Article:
Gympie hit by one of highest GP price hikes in state
GYMPIE residents continue to fork out more to visit their GPs, with new Medicare data showing out-of-pocket costs jumped 40 per cent in the past seven years.
In the Wide Bay, the cost of a visit after the $38.20 Medicare rebate has been applied soared from $26.91 in 2012-13 to $37.70 in 2018-19.
The $10.79 jump was the sixth highest among all Queensland Federal electorates over the period.
Gympie was identified as one of the regions hit hardest.
For those seeking a silver lining, even with the increase the average cost of a GP visit is still the eighth lowest in the state.
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Gympie Clinic practice principal Dr Matthias Ranaweera said the jump was caused by economic realities like ever-soaring electricity, insurance and wage bills.
“A GP business is a clinic,” Dr Ranaweera said.
“The business gets income from Medicare sources and private sources.”
The freezing of these Medicare sources for a number of years meant “the only way to increase (income) is to get it from private sources”.
Gympie also had to deal with doctor “supply and demand issues”, he said.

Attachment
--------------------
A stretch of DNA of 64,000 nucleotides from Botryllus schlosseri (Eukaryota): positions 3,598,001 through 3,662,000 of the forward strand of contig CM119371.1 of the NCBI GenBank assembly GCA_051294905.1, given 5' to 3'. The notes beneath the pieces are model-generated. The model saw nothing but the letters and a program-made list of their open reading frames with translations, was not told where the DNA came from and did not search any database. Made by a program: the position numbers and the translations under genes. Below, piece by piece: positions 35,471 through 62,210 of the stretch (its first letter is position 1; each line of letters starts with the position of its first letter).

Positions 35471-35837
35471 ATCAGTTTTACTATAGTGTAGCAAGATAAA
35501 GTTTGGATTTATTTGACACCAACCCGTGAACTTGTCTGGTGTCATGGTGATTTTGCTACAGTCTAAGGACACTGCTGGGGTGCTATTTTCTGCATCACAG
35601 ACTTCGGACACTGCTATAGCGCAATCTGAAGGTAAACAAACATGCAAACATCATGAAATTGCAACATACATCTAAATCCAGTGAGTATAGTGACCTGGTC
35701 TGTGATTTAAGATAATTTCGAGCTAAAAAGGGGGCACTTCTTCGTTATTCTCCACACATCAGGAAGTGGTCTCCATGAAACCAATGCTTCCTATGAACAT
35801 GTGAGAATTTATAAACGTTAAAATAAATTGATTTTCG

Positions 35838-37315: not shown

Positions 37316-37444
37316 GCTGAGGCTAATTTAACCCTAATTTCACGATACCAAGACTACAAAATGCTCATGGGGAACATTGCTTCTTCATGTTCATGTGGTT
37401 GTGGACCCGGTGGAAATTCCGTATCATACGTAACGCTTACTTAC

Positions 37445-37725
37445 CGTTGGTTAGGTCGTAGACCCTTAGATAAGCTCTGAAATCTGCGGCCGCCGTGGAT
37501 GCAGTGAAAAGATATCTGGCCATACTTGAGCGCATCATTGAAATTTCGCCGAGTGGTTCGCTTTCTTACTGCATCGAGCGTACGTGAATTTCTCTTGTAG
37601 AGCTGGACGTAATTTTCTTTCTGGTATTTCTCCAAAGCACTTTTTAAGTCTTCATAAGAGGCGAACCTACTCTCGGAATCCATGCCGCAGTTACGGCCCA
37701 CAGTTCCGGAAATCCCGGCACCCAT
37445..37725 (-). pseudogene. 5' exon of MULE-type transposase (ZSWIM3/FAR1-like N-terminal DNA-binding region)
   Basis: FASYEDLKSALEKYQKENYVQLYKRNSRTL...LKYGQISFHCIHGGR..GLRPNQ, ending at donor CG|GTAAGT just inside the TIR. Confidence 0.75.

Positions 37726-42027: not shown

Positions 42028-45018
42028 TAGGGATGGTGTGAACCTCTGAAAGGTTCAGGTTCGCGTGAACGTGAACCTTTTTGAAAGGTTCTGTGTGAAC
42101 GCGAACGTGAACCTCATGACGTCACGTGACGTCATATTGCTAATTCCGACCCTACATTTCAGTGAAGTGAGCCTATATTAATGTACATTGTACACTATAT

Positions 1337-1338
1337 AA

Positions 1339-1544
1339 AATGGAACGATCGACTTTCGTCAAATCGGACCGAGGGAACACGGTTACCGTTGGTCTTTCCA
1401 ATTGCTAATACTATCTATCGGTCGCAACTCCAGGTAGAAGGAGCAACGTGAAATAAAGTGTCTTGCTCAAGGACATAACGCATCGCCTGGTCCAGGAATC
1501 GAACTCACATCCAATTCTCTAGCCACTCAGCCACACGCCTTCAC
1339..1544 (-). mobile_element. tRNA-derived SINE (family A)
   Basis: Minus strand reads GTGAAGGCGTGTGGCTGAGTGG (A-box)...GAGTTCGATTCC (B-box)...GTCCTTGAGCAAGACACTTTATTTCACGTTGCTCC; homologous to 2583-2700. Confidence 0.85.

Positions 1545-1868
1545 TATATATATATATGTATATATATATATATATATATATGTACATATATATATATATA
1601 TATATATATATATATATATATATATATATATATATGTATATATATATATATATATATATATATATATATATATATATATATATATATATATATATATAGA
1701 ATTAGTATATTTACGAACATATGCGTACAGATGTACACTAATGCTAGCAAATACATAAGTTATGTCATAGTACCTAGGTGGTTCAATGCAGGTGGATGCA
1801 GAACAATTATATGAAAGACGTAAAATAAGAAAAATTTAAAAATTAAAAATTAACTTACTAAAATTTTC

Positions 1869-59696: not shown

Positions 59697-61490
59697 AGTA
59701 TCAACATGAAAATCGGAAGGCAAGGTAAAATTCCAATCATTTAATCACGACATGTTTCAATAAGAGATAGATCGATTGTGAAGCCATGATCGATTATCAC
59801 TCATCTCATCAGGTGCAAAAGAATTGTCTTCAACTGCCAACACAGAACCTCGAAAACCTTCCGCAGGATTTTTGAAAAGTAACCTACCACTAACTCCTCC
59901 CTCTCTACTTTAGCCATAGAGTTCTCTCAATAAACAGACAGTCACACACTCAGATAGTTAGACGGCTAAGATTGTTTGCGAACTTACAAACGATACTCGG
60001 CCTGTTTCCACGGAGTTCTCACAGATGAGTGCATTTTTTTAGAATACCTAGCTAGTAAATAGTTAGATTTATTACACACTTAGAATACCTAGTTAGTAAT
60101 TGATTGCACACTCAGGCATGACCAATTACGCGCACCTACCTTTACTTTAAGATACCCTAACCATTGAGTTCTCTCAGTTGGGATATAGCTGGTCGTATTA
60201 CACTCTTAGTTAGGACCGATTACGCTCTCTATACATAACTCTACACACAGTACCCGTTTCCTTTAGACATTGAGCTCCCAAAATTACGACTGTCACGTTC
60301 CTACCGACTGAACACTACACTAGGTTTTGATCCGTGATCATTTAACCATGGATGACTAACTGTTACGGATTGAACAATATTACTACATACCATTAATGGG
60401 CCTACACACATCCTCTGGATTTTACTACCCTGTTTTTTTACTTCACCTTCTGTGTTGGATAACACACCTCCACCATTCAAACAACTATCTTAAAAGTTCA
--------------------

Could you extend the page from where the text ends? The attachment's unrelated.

One benefit the region had was its status under the Federal Government as a priority area, he said.
This made it easier to attract GPs.
And clinics were still working to keep their costs down, he said, with the possibility the growing hit to people’s pockets could lead to them skipping GP visits they needed to make.
This reality was shared by Gympie father Todd Marshall.
He said he would not hesitate to get his daughter any medical help she needs, but it was a different story for his own care.
“I recently paid over $80 to see a GP about my shoulder,” Mr Marshall said.
“She wanted me to come back so I asked her if it was urgent.
“When she said it wasn’t I decided not to go back, because it just cost too much.”